PMI signals positive end to 2018 for Japanese economy, but highlights risks ahead

The Japanese economy continued to demonstrate underlying resilience at the end of 2018 despite recent natural disasters and global trade tensions, according to the December Nikkei PMI. However, the survey brought signs of waning demand amid deteriorating global trade conditions, which may further delay the achievement of the Bank of Japan's 2% inflation target.

Steady growth during fourth quarter…

The latest Nikkei PMI data showed the Japanese economy enjoying resilient growth at the end of 2018, maintaining the longest period of continuous expansion since the survey started eleven years ago.

At 52.0 in December, the Nikkei Composite PMI Output Index (which covers manufacturing and service sectors) indicated a modest rate of improvement in business conditions, which is largely similar to recent months.

The latest reading also extended the current upturn to 27 months, the longest period of growth in the survey's history, underscoring the resilience of the economy despite headwinds from global trade developments and recent natural disasters.

… but insufficient to lift inflation to target

The modest rate of economic expansion nevertheless remained disappointing from a policymakers' perspective.

With aggressive monetary stimulus and active fiscal measures in place for over five years running, central bank officials have been expecting strong economic growth to feed into higher inflation. However, the lack of any meaningful acceleration in demand growth in December once again constrained firms' ability to raise output charges, despite higher costs. Output price inflation consequently remained well below the rise in input prices, thereby frustrating policymakers' efforts to boost price pressure. Official data meanwhile showed core inflation remaining stubbornly subdued at below 1% annual rate, well below the 2% goal.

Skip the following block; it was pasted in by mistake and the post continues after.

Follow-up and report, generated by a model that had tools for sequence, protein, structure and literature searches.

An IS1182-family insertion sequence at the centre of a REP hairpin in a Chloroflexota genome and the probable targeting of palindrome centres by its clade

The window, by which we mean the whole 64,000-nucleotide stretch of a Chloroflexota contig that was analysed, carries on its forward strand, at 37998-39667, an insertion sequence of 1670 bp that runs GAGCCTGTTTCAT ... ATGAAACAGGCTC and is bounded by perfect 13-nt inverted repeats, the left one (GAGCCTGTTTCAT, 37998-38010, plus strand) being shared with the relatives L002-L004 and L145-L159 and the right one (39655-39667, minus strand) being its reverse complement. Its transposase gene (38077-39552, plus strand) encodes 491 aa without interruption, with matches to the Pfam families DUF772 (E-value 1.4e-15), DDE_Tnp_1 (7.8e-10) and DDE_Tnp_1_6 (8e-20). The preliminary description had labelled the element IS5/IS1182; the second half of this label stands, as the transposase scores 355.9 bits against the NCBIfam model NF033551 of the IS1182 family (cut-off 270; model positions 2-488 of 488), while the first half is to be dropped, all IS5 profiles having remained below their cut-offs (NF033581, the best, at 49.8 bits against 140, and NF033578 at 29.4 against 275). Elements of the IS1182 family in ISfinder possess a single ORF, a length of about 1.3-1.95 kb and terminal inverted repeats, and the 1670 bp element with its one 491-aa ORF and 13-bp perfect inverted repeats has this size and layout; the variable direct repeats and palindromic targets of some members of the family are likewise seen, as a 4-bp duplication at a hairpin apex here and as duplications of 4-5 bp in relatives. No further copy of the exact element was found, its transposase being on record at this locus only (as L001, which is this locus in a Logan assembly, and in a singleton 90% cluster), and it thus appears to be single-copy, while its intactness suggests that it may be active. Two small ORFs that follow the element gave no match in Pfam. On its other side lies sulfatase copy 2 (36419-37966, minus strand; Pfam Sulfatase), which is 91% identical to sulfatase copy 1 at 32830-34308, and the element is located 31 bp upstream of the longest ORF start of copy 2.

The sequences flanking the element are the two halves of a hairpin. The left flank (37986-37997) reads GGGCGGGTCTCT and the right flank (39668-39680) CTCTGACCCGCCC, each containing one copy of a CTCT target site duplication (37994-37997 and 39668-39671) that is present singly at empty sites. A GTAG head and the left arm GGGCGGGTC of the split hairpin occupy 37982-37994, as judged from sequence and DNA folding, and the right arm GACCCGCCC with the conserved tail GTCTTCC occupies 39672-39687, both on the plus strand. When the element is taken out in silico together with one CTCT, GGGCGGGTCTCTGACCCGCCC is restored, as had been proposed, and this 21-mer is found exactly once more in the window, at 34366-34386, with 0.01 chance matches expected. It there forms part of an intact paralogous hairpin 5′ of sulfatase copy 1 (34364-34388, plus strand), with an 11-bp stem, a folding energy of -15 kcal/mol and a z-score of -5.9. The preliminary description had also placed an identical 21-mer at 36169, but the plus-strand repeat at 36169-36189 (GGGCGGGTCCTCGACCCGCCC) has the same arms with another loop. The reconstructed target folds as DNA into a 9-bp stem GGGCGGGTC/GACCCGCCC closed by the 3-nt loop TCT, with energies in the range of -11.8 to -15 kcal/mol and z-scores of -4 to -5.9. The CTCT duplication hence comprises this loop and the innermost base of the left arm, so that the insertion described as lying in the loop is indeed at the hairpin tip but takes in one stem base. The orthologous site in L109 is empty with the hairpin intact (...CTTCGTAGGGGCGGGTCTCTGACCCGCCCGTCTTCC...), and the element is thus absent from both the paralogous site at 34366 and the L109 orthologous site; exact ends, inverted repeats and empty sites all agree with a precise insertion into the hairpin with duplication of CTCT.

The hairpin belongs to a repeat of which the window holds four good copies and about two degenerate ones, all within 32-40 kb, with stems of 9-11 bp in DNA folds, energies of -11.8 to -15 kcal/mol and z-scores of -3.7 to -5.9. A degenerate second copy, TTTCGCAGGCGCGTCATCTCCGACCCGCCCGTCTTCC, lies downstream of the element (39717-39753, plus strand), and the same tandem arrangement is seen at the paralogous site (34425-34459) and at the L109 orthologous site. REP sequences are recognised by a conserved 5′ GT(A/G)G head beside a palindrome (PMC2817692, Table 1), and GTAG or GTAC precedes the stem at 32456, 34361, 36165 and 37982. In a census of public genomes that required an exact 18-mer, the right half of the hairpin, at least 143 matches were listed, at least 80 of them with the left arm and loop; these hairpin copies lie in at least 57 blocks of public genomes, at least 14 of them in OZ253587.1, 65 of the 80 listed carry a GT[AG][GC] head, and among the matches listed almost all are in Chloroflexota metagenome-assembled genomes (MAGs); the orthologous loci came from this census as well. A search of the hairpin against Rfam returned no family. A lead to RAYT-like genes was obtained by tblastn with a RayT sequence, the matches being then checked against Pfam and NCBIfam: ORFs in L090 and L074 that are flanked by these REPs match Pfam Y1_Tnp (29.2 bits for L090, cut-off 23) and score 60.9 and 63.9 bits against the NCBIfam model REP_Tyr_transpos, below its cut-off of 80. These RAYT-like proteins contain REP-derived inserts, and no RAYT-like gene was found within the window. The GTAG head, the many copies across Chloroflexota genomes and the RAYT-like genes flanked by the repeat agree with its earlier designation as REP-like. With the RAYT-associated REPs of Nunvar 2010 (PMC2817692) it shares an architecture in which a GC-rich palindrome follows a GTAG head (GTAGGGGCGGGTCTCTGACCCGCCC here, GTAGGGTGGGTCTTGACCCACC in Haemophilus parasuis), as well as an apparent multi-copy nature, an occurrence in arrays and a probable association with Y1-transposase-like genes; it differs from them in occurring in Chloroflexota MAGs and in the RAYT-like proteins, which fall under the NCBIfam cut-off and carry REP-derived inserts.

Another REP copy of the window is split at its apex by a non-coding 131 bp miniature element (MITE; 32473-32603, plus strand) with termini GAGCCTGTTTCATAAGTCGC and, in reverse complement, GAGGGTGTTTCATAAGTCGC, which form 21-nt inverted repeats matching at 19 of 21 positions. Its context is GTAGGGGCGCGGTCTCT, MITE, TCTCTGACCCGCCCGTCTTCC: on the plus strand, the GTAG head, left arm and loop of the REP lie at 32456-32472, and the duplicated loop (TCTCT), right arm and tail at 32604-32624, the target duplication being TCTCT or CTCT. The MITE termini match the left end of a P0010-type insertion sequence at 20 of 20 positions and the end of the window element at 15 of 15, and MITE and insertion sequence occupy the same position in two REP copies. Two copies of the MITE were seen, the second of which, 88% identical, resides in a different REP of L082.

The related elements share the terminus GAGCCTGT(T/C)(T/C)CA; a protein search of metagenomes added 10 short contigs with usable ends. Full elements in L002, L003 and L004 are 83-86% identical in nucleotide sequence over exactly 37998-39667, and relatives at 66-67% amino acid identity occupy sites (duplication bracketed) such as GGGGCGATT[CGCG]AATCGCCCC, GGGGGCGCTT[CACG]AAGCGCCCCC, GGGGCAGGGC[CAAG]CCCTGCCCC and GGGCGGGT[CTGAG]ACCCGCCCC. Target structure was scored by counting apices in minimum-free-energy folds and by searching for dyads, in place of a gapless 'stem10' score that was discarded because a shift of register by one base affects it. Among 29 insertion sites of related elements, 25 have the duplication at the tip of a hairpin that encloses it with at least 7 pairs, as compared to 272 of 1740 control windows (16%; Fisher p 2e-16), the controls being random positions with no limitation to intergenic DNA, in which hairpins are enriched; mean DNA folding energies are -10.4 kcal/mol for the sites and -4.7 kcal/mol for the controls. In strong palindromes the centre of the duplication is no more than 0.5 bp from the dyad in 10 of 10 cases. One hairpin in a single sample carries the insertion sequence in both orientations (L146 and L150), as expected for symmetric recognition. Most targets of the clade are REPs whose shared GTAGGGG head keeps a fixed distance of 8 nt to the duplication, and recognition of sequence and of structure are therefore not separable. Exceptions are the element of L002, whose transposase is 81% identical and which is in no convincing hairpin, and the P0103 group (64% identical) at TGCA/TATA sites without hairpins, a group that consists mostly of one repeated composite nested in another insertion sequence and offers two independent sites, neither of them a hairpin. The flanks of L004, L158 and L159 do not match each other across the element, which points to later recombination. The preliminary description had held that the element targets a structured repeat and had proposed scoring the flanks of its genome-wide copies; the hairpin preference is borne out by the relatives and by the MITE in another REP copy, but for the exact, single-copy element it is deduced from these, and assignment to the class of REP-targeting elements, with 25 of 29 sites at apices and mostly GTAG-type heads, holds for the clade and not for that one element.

Without a stronger pickup in demand, firms' operating capacities were scarcely tested. The level of unfinished work was stable in the second half of the year, which limited the extent of output growth by constraining companies' appetite to expand.

While December saw a return to growth for backlogs of work, the increase was only marginal, suggesting that business activity is unlikely to scale-up in coming months.

Demand wanes

Supporting the expansion in business activity was an increase inflow of total new business. However, order book growth remained the weakest in six months during December, coinciding with a decline in new export business.

Lower export sales were mostly connected to softer overseas demand for Japanese manufactured products. In fact, the lacklustre performance in goods export orders was a key drag to manufacturing growth in the second half of the year.

Despite a noticeably higher rate of output growth in December, survey indicators suggested that it would be difficult to maintain this pace of expansion in coming months. Growth of new orders remained notably slower than seen on average in the first-half of the year, while business confidence among manufacturers fell to its lowest in just over two years.

Firms were concerned that trade wars, an imminent hike in the consumption tax and ongoing shortages of materials - such as electrical components and steel - will weigh on output in the year ahead.

Monetary policy

While the latest survey has not raised any alarm bells about Japanese growth, signs of waning demand, particularly from external markets, support the Bank of Japan's concern of heightened risks to the economic outlook. This suggests that the BOJ will have to maintain its ultra-accommodative stance for longer, adding pressure on central bankers to address the increasing side effects of prolonged easing, such as banks' profitability.

Bernard Aw, Principal Economist, IHS Markit
Tel: +65 6922 4226
This email address is being protected from spambots. You need JavaScript enabled to view it.

© 2019, IHS Markit Inc. All rights reserved. Reproduction in whole or in part without permission is prohibited.

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